Anyone who has followed recent historical literature can testify to the revolution that is taking place in historical studies. The currently fashionable subjects come directly from the sociology catalog: childhood, work, leisure. The new subjects are accompanied by new methods. Where history once was primarily narrative, it is now entirely analytic. The old questions “What happened?” and “How did it happen?” have given way to the question “Why did it happen?” Prominent among the methods used to answer the question “Why” is psychoanalysis, and its use has given rise to psychohistory.

Psychohistory does not merely use psychological explanations in historical contexts. Historians have always used such explanations when they were appropriate and when there was sufficient evidence for them. But this pragmatic use of psychology is not what psycho-historians intend. They are committed, not just to psychology in general, but to Freudian psychoanalysis. This commitment excludes a commitment to history as historians have always understood it. Psychohistory derives its “facts” not from history, the detailed records of events and their consequences, but from psychoanalysis of the individuals who made history, and produces its theories not from this or that instance in their lives, but from a view of human nature that transcends history. It denies the basic criterion of historical evidence: that evidence be publicly accessible to, and therefore assessable by, all historians. And it violates the basic principle of historical methods: that historians be alert to the negative instances that would refute their views. Psycho-historians, convinced of the absolute rightness of their own theories are also convinced that theirs is the “deepest”explanation of any event, that other explanations fall short of the truth.

Psychohistory is not content to violate the discipline of history (in the sense of the proper mode of studying and writing about the past); it also violates the past itself. It denies to the past an integrity and will of its own, in which people acted out of a variety of motives and in which events had multiplicity of causes and effects. It imposes upon the past the same determinism that it imposes upon the present, thus robbing people and events of their individuality and of their complexity. Instead of respecting the particularity of the past, it assimilates all events, past and present, into a single deterministic schema that is presumed to be true at all times and in all circumstances.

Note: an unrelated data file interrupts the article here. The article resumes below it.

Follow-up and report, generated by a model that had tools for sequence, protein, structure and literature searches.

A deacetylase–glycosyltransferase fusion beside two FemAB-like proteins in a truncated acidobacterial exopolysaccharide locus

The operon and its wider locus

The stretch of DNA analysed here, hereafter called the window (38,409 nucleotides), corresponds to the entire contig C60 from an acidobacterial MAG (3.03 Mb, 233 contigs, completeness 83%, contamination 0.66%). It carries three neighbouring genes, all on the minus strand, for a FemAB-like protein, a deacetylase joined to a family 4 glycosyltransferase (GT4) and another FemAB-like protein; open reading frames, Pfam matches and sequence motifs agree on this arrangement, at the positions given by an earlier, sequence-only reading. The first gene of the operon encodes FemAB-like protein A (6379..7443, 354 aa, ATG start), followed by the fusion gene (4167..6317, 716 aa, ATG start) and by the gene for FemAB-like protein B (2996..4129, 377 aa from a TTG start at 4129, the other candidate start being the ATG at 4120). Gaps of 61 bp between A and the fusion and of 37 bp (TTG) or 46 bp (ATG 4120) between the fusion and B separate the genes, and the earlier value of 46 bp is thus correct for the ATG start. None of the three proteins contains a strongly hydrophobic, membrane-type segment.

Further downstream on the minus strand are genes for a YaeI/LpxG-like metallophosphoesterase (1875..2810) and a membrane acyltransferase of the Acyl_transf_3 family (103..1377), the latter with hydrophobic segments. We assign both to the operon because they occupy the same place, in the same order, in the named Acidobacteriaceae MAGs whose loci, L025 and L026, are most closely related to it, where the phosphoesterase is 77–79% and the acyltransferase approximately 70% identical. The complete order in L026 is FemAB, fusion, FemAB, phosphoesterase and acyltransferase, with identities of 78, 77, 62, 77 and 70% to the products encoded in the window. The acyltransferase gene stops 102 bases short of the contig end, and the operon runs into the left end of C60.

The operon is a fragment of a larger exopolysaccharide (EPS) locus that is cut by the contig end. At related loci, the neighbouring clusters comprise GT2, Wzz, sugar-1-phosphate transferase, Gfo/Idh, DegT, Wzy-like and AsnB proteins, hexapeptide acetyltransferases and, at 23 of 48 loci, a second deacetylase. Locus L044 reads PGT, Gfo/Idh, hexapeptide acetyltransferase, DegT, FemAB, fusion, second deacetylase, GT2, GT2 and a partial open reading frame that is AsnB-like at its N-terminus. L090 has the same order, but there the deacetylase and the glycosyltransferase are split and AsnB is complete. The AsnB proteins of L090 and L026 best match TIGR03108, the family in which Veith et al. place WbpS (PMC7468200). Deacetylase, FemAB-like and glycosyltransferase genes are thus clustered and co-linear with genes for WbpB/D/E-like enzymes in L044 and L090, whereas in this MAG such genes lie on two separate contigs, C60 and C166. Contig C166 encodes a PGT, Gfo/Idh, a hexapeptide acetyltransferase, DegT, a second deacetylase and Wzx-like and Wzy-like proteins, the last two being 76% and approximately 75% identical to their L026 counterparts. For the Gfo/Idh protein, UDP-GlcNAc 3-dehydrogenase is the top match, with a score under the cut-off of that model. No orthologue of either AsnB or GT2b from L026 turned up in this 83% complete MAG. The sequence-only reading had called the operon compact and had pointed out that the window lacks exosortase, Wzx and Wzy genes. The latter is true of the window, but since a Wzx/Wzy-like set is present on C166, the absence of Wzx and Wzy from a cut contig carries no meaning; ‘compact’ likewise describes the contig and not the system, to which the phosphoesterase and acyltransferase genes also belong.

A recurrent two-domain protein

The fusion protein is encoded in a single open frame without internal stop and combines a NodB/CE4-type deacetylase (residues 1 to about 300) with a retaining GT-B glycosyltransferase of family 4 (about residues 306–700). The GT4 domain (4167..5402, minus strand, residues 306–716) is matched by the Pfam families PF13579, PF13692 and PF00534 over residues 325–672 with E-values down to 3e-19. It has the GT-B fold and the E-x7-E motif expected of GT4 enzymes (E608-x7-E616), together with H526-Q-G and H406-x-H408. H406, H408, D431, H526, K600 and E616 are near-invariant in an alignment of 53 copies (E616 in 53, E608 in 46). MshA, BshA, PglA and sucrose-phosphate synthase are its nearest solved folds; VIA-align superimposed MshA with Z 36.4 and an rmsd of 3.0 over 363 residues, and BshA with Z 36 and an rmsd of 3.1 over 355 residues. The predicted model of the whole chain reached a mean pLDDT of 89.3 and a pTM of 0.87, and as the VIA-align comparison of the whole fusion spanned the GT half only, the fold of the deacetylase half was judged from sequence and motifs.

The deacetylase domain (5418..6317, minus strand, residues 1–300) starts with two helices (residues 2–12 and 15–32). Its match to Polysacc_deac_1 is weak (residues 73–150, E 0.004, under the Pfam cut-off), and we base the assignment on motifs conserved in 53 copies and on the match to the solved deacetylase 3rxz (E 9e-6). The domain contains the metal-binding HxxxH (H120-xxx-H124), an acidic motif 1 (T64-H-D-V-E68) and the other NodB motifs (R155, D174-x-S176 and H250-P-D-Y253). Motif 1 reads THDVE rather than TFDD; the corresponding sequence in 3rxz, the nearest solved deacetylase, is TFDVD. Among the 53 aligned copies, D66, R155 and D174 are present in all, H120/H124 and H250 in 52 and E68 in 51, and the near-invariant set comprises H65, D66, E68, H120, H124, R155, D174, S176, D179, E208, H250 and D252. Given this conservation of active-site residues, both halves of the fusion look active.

36. Which of the following best states the main point of the passage?

(A) The approach of psycho-historians to historical study is currently in vogue even though it lacks the rigor and verifiability of traditional historical method.

(B) Traditional historians can benefit from studying the techniques and findings of psycho-historians.

(C) History is composed of unique and non-repeating events that must be individually analyzed on the basis of publicly verifiable evidence.

(D) The psychological assessment of an individual's behavior and attitudes is more

informative than the details of his or her daily life.

37. It can be inferred from the passage that one way in which traditional history can be distinguished from psychohistory is that traditionally history usually

(A) views past events as complex and having their own individuality.

(B) relies on a single interpretation of human behavior to explain historical events.

(C) interprets historical events in such a way that their specific nature is transcended.